I'm a bit surprised "street" as we know it gets shown in Canada at all now. In Manitoba and Quebec (at least) you can *take* pictures of people in public places but showing them or selling prints requires the explicit consent of anyone identifiable in the picture (the Manitoba privacy legislation uses the slightly ambiguous phrase "for gain" as a determinant, which I'm assuming includes financial gain of any sort).

I would expect other provinces to follow suit in the not-too-distant future.

AgX
08-04-2008, 07:34 AM
Thus no photos by Cartier Bresson will be shown in Canada any longer?

mabman
08-04-2008, 10:55 AM
I should have specified "local street" :)

pesphoto
08-04-2008, 11:06 AM
Any chance he has a website? Did you google him? If he has a website I'd like to see the photos.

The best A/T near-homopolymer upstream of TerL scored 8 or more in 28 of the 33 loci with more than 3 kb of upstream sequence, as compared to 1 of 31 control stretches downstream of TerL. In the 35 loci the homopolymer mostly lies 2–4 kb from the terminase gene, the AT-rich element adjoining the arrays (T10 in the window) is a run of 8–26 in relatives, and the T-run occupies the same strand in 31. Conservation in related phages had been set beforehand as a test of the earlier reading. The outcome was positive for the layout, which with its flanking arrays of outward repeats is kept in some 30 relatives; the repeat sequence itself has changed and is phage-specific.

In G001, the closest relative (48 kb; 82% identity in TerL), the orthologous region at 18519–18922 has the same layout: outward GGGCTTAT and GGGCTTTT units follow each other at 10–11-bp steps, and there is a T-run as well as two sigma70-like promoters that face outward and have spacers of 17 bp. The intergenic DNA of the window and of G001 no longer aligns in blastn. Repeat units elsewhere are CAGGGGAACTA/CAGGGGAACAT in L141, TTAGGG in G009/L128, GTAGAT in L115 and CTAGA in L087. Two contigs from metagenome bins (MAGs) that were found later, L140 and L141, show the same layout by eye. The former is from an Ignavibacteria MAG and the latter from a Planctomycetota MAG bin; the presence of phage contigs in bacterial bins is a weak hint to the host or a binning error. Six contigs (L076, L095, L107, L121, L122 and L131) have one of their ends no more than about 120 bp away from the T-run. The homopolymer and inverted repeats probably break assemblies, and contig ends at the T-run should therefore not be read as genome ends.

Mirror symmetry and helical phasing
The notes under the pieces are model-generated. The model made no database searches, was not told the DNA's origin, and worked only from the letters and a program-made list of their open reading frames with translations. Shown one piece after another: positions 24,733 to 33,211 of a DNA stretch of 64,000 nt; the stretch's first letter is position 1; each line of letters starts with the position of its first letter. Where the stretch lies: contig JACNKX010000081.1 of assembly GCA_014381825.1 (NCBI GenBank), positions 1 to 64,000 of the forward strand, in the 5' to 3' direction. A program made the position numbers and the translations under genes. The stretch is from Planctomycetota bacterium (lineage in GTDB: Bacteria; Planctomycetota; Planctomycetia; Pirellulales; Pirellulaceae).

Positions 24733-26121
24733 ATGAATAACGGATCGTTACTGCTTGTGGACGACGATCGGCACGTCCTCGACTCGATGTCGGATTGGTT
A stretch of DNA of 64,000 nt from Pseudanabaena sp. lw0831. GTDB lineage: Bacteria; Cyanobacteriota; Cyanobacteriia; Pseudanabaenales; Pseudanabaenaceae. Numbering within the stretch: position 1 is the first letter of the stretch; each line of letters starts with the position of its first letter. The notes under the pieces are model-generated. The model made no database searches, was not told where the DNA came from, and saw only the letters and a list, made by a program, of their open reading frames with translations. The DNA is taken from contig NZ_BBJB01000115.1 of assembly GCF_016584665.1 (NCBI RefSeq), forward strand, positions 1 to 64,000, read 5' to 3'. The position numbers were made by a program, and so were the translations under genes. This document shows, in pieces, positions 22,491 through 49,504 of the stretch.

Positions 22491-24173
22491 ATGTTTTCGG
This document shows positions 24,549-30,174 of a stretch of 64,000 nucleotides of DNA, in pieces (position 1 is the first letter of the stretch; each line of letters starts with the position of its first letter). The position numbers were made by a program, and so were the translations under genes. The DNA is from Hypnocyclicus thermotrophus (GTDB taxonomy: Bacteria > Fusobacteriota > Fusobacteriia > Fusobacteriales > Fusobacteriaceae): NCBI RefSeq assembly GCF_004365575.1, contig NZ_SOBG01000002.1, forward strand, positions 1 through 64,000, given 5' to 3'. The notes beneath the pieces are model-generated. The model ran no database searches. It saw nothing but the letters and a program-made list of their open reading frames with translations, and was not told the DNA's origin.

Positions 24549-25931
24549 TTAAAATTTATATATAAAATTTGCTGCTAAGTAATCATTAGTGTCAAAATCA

kristopher_lawrence
08-04-2008, 12:31 PM
I'm a bit surprised "street" as we know it gets shown in Canada at all now. In Manitoba and Quebec (at least) you can *take* pictures of people in public places but showing them or selling prints requires the explicit consent of anyone identifiable in the picture (the Manitoba privacy legislation uses the slightly ambiguous phrase "for gain" as a determinant, which I'm assuming includes financial gain of any sort).

I would expect other provinces to follow suit in the not-too-distant future.

Hi,

I live in Quebec, and from what I know, the law is more specific (remeber we are not on canadian common law). Actually, you don't have the right to sell or publish a picture of a person if the image can cause harm to his/her reputation. Otherwise, a person in a public place is not protected from photographers...

Here how this law become true: a couple years ago, a newspaper ĞLa Presseğ was doing a study about obesity. A photographer took a picture or a rather big woman eating a hamburger on the street. However, the women complaned because a lot of persons were making fun of her after seeing the pricture. She went in court and won.

I don't know about Manitoba, but, if I am not wrong, it is ok in Quebec to show or sell street photo if the pics cannot cause harm.

Kris

mabman
08-04-2008, 01:23 PM
Hi,